Reverse Engineering Styled Components

Shreyans Jain
March 01, 2020

The idea

I recently attended a ReactDay Meetup in Berlin and was astounded by an awesome talk by an amazing speaker & a mentor, Tejas Kumar. His talk was called "Destructuring React" and instead of a bunch of slides, he amazed everybody by live-coding "Poor Man's React" (his words).

Starting from scratch, he reverse-engineered some React functions like createElement & useState building them in vanilla JS. This idea struck me making me believe that it is possible to do the same for many other libraries.

Here's how it goes:

  • Create empty directory with entry files - index.html & index.tsx
  • Use parcel to serve index.html
  • yarn add react react-dom

index.html

<div id="app"></div>
<script src="index.tsx"></script>

To begin with, I am going to create a bunch of "styled" components and render them using React. Remember, I did not install the styled-components library, because I am going to create it!

index.tsx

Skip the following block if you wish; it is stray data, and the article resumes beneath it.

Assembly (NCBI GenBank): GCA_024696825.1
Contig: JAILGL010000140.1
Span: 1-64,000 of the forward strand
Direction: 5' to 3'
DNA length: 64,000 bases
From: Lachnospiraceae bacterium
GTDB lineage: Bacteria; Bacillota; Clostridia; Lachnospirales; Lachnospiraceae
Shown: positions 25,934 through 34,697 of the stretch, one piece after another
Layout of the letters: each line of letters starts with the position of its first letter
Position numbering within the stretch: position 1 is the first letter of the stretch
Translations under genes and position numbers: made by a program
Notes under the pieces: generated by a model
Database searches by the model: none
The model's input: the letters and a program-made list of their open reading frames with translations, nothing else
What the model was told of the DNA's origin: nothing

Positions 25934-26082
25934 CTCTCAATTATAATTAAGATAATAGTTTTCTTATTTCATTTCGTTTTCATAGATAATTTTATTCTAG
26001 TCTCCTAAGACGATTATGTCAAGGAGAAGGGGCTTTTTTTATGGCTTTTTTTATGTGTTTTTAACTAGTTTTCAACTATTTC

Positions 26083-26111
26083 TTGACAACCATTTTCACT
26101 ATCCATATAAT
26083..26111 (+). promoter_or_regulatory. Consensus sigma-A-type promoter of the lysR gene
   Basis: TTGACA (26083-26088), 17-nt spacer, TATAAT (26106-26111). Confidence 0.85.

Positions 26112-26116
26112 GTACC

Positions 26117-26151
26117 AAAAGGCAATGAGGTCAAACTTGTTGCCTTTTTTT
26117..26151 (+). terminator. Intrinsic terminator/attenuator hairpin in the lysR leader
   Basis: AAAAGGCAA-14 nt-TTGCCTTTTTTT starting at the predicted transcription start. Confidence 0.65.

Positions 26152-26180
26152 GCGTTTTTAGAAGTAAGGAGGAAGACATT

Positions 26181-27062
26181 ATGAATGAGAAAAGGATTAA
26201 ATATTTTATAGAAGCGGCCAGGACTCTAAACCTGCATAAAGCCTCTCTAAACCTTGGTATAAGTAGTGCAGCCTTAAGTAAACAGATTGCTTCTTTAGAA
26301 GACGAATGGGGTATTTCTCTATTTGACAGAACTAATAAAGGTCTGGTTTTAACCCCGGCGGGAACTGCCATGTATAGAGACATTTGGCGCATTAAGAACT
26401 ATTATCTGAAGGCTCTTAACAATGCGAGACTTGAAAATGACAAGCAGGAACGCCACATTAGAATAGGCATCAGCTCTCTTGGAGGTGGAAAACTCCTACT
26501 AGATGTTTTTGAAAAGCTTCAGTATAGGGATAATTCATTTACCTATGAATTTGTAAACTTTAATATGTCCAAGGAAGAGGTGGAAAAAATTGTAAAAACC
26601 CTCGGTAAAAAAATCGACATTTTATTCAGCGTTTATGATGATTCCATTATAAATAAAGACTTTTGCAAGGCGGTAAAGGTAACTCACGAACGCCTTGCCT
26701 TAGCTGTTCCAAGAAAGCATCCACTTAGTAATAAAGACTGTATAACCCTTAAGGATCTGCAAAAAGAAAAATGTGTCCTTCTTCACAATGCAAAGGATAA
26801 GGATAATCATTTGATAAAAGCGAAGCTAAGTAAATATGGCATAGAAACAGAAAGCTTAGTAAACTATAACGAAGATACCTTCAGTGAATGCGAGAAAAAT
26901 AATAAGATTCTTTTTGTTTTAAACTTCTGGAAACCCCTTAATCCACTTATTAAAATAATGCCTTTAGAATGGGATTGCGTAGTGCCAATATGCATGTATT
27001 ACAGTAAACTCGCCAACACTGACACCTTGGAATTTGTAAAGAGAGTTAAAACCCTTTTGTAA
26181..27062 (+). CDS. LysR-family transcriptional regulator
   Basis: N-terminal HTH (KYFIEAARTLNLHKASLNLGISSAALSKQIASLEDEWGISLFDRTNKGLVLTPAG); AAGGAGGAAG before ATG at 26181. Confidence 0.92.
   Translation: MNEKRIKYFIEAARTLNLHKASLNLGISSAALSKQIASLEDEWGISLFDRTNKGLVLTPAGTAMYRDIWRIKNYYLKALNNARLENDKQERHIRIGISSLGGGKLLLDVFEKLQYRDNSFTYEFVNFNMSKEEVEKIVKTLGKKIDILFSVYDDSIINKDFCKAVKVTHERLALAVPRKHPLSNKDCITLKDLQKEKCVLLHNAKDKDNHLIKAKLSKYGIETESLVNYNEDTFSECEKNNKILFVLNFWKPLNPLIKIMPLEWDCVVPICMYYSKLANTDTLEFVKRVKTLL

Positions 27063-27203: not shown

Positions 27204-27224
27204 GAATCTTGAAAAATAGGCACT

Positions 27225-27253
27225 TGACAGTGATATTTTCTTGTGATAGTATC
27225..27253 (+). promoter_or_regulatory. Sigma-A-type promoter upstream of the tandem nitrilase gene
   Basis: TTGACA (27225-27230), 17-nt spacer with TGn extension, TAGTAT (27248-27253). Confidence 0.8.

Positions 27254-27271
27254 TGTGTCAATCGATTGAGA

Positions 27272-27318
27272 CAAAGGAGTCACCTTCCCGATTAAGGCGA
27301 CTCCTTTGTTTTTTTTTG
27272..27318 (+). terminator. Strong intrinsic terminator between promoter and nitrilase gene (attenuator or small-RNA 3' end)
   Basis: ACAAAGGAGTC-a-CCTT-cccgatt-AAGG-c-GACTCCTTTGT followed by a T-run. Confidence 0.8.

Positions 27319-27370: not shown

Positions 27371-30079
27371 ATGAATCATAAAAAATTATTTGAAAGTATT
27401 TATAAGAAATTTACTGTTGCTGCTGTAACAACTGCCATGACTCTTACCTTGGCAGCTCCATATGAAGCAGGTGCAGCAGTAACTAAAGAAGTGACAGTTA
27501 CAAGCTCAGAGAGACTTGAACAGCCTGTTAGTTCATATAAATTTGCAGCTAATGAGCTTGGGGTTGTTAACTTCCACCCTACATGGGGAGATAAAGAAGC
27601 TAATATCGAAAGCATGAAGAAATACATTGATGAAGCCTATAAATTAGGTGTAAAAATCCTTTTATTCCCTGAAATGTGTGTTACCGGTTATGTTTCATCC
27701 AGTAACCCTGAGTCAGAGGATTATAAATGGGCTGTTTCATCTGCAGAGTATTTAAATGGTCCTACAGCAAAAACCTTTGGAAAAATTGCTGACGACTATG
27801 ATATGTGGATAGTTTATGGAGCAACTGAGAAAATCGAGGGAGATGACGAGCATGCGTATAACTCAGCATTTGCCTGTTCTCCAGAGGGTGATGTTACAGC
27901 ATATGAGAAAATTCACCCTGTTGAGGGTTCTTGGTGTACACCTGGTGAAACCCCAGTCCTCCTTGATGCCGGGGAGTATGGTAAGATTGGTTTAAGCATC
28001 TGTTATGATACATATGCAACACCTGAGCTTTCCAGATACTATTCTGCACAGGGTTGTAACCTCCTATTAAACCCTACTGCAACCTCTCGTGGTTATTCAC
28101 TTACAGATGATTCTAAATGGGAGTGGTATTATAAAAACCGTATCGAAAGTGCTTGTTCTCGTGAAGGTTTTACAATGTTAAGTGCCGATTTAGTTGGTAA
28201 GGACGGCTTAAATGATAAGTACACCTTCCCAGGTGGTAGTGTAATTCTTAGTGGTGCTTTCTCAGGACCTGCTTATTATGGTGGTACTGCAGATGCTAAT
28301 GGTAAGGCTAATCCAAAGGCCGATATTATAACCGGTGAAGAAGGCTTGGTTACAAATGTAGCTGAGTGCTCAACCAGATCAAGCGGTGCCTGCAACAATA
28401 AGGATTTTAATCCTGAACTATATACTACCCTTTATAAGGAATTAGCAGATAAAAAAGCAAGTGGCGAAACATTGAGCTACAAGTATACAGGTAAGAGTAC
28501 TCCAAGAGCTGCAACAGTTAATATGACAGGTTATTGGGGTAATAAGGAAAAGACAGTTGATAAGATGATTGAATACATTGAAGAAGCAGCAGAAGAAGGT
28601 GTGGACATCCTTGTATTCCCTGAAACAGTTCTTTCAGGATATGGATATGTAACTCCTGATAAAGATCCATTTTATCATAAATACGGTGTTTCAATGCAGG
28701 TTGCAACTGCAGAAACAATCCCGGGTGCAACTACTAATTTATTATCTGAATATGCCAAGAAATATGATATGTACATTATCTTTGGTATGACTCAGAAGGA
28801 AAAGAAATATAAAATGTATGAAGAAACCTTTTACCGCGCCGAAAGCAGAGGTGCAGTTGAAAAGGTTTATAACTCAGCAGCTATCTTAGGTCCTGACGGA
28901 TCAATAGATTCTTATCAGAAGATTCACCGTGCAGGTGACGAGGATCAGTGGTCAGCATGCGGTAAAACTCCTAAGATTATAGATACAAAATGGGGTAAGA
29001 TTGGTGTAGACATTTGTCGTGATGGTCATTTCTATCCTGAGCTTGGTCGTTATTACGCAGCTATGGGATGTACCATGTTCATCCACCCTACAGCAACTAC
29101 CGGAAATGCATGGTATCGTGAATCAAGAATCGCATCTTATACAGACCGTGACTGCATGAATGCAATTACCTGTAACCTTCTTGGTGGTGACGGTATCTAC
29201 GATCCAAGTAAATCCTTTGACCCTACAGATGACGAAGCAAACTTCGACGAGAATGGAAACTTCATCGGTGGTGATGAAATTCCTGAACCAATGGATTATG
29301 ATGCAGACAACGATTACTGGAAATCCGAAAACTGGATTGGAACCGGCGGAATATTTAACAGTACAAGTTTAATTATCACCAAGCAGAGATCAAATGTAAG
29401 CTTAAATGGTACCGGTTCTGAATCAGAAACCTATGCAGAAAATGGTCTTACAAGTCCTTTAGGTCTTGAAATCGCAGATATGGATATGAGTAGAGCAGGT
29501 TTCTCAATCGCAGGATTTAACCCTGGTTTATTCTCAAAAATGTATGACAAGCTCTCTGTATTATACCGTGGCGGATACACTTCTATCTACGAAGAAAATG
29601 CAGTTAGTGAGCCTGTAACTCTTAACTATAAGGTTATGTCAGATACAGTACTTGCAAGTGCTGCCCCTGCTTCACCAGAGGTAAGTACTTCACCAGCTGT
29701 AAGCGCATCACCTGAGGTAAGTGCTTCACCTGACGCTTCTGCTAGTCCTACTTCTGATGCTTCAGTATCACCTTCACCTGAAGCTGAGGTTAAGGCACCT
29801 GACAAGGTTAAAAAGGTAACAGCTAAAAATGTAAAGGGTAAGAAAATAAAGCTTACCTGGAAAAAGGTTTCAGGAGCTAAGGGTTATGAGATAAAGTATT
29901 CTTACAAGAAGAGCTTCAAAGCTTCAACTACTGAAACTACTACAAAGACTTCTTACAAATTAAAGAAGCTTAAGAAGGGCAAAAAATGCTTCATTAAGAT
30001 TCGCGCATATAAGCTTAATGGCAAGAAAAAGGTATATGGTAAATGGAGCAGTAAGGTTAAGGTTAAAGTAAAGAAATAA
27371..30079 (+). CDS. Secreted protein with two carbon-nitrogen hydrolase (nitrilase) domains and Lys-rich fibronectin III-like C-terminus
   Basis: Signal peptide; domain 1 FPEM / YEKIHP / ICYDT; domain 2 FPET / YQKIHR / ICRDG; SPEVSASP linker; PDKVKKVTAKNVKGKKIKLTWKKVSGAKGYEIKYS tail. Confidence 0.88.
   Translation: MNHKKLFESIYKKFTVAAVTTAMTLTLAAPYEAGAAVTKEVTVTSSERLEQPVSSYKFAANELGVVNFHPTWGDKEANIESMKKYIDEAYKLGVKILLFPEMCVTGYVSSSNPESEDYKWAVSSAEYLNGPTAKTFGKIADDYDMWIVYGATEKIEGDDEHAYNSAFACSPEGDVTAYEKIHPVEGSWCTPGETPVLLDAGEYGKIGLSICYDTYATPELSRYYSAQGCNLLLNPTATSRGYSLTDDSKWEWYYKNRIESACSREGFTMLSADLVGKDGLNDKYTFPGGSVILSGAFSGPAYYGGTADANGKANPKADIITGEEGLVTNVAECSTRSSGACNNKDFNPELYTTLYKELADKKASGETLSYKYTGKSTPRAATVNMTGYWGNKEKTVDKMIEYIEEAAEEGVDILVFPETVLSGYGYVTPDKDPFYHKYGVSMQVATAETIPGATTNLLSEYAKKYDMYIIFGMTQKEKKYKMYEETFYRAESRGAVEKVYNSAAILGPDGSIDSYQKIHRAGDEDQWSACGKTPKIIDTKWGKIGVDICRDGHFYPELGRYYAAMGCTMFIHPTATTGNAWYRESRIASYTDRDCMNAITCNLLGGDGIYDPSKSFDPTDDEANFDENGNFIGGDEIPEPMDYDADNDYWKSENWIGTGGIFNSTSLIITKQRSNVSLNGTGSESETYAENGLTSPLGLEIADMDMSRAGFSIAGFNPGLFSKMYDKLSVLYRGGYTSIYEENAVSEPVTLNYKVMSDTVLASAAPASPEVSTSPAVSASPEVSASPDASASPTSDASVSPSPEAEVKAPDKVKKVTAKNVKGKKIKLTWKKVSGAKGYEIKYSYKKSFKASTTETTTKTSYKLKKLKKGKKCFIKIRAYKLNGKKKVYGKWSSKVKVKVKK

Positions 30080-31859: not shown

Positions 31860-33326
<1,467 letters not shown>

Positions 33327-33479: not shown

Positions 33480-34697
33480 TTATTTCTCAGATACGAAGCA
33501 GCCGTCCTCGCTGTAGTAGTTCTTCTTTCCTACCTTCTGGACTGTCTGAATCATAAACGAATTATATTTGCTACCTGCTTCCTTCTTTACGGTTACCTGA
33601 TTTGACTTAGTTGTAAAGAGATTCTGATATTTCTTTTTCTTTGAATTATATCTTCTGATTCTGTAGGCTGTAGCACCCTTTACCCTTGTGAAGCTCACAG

import React from 'react'
import ReactDOM from 'react-dom'

const RedH1 = styled.h1`
  color: red;
`

const RedH2 = styled.h2`
  color: red;
`

const RedH1WithYellowBg = styled(RedH1)`
  background: yellow;
`

const App = () => {
  return (
    <>
      <RedH1>I am red</RedH1>
      <RedH2>I am blue</RedH2>
      <RedH1WithYellowBg>I am red &amp; yellow</RedH1WithYellowBg>
    </>
  )
}

ReactDOM.render(<App />, document.getElementById('app'))

Guess what happens when I serve this? I get an ERROR!

Uncaught ReferenceError: styled is not defined

To create my own styled-components library, I will create a file styled.ts, but to even start writing code there, we need to understand the styled-components API (how it works). According to their official documentation, a styled component can be defined in the following way

const StyledH1 = styled('h1')`
  /* css goes here */
`

This means that styled is a function which accepts "tag" as an argument returns another function that is a "Tagged template". According to MDN: "Tags allow you to parse template literals with a function. The first argument of a tag function contains an array of string values. The remaining arguments are related to the expressions."

To test this logic, I am going to create a function called styled that just logs all the arguments that are passed to it.

styled.ts

const styled = (...args1) => (...args2) => {
  console.log({ args1, args2 })
}

Testing this with a few different examples of typical styled components, we get the following results

const StyledH1 = styled('h1')`
  color: red;
`

We get

{
  args1: ["h1"],
  args2: [["\n  color: red;\n"]]
}

When I try to render that component like

<StyledH1>Red Heading</StyledH1>

we get an error

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